sword-and-the-serpent-trailer-image-smallWritten By: Gregory Watson,

I recently had the opportunity to read an advance release of Sword and Serpent, a great new Catholic novel written by Dr. Taylor Marshall. (If you have yet to be blessed by Dr. Marshall, I’d encourage you to visit www.taylormarshall.com and read his blog and listen to his podcasts full of down-to-earth, practical advice and theological instruction. He is also the founder of the New Saint Thomas Institute, an online school of theology where you can learn the faith at your own pace without paying exorbitant tuition rates for university courses! www.newsaintthomas.com) Marshall’s new novel, a seamless genre-blend of historical fiction and LOTR-style fantasy, is a retelling of the story of St. George and the dragon geared for a young adult audience, but is readily accessible and enjoyable by people of all ages who love epic tales of romance, adventure, and chivalry.

Set during the reign of the Roman emperor Diocletian, Sword and Serpent introduces us to an empire in which the old pagan ways are failing, and Christians are viewed with suspicion, and often outright hostility. A new persecution is on the verge of breaking out, and in the midst of this, we meet a youth called Jurian, which is a nickname given to Georgius by his father, a Legionary and Legate whose death had a suspicious air to it, but which left Jurian and his mother and sister impoverished and outcast from a society in which they had at one point been nobility. As persecution begins here and there against the Christians, Jurian and his sister are forced to flee, and make their way toward Rome to hopefully find some family and a future. Along the way, Jurian meets other Christians, among them notable saints such as St. Christopher, St. Blaise, and St. Nicholas, who help him along his journeys, both physical and spiritual. Meanwhile, in Cyrene, we’re introduced to the priestess Sabra, who has been serving an ancient god that demands human sacrifice, lest in his wrath, he destroy the city and its inhabitants. But when the priestess herself is chosen to be the next sacrifice, will she still perform her duty to the god, or will she flee to preserve her life and doom the city?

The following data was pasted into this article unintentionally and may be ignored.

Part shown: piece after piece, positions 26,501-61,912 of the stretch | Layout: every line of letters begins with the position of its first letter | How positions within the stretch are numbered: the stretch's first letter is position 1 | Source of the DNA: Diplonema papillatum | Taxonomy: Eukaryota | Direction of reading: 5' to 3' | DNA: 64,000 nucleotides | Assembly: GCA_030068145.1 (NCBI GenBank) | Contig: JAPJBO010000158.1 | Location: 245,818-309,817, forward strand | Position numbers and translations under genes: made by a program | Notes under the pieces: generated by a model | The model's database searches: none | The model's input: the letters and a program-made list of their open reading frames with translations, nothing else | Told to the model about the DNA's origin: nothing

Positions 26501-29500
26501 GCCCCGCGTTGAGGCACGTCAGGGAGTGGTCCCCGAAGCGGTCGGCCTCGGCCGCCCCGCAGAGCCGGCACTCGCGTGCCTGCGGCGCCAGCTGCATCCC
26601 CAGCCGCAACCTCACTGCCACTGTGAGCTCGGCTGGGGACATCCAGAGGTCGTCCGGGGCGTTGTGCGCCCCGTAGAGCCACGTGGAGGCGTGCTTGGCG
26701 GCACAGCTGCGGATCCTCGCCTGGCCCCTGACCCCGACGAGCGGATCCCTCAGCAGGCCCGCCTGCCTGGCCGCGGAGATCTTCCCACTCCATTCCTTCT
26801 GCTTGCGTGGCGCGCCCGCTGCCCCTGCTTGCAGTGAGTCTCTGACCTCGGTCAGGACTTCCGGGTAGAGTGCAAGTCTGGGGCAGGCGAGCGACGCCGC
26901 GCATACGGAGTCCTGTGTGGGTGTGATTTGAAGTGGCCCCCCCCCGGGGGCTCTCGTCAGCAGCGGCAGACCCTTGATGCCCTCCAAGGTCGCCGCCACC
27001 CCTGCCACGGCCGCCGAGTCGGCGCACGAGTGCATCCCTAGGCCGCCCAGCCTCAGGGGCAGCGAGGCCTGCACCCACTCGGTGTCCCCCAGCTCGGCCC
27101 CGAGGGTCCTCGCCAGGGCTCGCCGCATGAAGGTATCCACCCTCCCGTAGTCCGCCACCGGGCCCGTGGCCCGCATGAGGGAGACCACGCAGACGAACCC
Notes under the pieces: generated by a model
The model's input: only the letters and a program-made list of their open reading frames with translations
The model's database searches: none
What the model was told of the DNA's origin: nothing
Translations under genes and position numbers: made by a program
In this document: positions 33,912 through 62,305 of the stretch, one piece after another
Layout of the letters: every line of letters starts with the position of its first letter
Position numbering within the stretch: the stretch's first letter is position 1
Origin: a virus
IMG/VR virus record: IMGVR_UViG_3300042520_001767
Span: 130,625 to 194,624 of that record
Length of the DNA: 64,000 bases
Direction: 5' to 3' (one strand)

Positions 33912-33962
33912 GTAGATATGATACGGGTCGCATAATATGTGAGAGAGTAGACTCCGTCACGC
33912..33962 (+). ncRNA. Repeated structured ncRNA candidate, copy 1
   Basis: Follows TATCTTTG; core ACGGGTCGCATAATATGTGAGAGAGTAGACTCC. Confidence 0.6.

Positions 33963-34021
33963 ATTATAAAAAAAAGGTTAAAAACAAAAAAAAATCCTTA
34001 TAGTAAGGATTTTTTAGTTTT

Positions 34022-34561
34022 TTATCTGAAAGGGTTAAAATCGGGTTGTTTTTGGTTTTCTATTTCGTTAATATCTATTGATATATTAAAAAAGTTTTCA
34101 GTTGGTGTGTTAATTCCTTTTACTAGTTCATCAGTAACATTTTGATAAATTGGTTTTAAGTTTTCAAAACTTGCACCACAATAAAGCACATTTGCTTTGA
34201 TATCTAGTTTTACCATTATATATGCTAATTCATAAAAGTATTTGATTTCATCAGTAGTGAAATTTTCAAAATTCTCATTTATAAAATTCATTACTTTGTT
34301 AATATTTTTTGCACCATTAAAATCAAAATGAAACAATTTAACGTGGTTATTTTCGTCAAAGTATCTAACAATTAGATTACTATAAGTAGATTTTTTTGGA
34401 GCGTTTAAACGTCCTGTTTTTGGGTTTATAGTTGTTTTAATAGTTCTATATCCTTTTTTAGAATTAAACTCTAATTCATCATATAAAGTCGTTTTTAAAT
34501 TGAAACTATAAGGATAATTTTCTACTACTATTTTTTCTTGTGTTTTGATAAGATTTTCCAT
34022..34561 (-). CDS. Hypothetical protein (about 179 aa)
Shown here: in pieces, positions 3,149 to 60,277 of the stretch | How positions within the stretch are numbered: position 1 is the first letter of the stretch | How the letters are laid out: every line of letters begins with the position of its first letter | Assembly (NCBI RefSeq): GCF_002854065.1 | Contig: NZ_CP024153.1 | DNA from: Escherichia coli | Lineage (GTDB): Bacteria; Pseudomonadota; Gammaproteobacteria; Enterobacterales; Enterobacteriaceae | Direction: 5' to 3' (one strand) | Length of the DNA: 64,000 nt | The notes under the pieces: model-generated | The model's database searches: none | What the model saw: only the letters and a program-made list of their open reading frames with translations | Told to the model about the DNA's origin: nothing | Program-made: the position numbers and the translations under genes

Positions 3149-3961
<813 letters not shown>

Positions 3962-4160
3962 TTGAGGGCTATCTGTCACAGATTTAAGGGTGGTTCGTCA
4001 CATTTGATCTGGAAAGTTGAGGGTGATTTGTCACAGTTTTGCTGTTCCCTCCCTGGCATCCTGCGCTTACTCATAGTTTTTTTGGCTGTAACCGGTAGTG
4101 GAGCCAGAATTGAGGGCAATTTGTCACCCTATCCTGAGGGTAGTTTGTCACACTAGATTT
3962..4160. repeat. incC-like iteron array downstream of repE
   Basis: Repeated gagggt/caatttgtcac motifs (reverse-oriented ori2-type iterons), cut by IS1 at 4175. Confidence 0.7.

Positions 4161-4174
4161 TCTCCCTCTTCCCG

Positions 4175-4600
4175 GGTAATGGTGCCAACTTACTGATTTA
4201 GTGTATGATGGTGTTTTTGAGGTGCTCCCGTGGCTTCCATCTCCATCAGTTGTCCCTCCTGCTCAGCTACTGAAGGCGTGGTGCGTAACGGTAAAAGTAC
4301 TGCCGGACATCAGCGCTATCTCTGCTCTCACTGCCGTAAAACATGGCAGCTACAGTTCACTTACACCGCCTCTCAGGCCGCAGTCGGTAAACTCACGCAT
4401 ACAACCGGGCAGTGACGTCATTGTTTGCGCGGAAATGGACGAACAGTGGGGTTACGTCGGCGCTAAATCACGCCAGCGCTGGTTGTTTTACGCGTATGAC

The novel is about 350 pages of action, intrigue, humour, and wit, with lovable characters, shocking, tear-jerking moments, and a vivid, historical setting. Jurian is far from the plaster-cast mould of Saint-ness, and Sabra is far more than simply the damsel-in-distress. Marshall captures eloquently the characters’ motivations, desires, failings, and virtues in a way that brings them to life. Of particular note is his portrayal of St. Nicholas, whose enigmatic insights and quirky sense of humour leave the reader scratching their head at one moment, and laughing out loud the next! Through it all, the themes of courage, sacrifice, virtue, and love and illustrated, and God’s providence weaves its tapestry through the choices, triumphs, and even failures of each character.

Far and away, though, the greatest triumph of this endearing story is Marshall’s ability to tell a good, captivating tale about Christians and yet not have it feel like a preachy “Christian” book. Taylor Marshall’s first foray into fiction stands on par with my favourite fantasy fiction, the Chronicles of Narnia, and I eagerly await a sequel! Be sure to contact the Branches store to order copies of Sword and Serpent to give to the readers on your Christmas list this year!



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